Thing is, I have a head cold, and the sound track to my life, and the Boy's own porno channel is currently showing static.


Though LL said she was feeling better this morning...

Wednesday, April 12, 2006

I have a hed code

I hate being ill.

I'm not good at it. Having a fairly high pain threshhold I just get on with things and generally ignore it, but when you end the day completely wiped, its crap. I supose I should be reasonable and just take a day off and rest, but that's such a waste of time.

Still, normally there are some few advantages. LL is really quite sweet when I'm ill. She sends me to bed, brings me food and generally pampers me. Particularly on getting into bed with me, I get pampered in other ways. Nothing like lying back and thinking of England while you're being taken care of down below to make a soul feel better.

Thing is, she has a cold too.


Tuesday, April 11, 2006


Monday, April 10, 2006

An Oddly Pleasent Weekend

In many ways it was a grim weekend, yet I found it oddly pleasant. I think that’s due to both LL and I just kicking back and not trying to get much done. We’ve both been suffering from bad throats, so frankly, we just took it easy. Oh, there was a bit of puttering about in the garden, pruning things, planting things, playing with the kids, but we didn’t push to get a lot done as we often do.

The news though, from all sorts of fronts, was not so good. I got a note from my friend K, and I can best describe it as good bad news. She has cancer in one milk duct, and its been caught early. So, it should be treatable, but treatment means surgery and chemotherapy, so she has a rough number of months ahead. Its not a full mastectomy, thank god, but as she puts it in her own wry way, it will make choosing a new bikini a bit hard. She also sent some pictures of herself trying on wigs. The Marylyn Monroe blond look just didn’t cut it.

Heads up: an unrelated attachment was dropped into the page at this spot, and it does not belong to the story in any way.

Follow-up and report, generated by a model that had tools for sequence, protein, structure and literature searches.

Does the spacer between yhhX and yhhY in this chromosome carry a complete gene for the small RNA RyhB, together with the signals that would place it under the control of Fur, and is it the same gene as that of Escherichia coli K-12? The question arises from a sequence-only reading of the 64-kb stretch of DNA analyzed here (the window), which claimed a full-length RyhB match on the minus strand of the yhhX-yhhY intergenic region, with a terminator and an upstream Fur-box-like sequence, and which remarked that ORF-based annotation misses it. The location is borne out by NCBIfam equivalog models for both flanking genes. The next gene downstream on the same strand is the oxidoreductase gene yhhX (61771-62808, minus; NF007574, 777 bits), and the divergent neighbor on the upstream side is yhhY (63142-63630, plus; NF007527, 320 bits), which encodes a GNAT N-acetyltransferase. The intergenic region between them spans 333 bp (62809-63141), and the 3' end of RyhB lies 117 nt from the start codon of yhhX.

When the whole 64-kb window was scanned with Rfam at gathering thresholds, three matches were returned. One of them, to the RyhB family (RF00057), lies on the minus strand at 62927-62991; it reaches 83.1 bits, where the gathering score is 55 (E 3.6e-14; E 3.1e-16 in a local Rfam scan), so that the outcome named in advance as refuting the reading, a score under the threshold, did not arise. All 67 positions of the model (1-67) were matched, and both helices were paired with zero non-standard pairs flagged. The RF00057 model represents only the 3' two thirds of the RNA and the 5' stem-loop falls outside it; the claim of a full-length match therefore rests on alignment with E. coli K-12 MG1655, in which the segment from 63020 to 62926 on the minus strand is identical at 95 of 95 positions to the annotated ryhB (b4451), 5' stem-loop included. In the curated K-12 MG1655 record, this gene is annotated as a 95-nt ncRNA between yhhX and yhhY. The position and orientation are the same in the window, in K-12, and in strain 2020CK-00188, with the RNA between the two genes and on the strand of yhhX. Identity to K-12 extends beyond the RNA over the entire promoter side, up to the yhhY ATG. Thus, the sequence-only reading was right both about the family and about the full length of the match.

Then I got a heart rending phone message from my mum. My uncle had died. It wasn’t unexpected; he’d been in a bad way for the last year. I liked him, but I can’t say he was close. He was a Methodist preacher (as was my maternal grandfather, and indeed my own dad, read into that what you will…), and a bit odd. He was rather partial to stories about his days in the RCAF during “The War”.

What was heart rending was my mum’s voice. Two months on from my dad’s death it was obviously hitting her hard. Despite repeated attempts I haven’t yet talked to her, but got to two of my sisters (I have three, all much older, I was a late in the day “mistake” (my parents idea of birth control was the rhythm method (though its heartening to know sex does continue, even if the means of knowing that is knowing your parents, well…))).

You see, they were both in the car accident, and right after we thought my mum was the worse off. Her head got knocked back and forth and she had to be resuscitated in the ambulance on the way to the hospital. She recovered fast, my dad got MRSA, it’s the way of things in our world. Physically she’s fine, and luckily her personality survived intact, but her short term memory is shattered.

We think its muted her grieving about my dad. They were together more than 50 years, think of that for a moment, 50 years. I’m amazed I’ve survived 10 with LL. So it looks like with her brother’s death, its all finally hitting her.

There are times when living far away from your family is a good thing, and times when its not. I ache to be there with her, yet I can’t and life goes on. You take your joy as you can, and walk through the mess. So you see, it was an oddly pleasant weekend. Shouldn’t have been, but it was…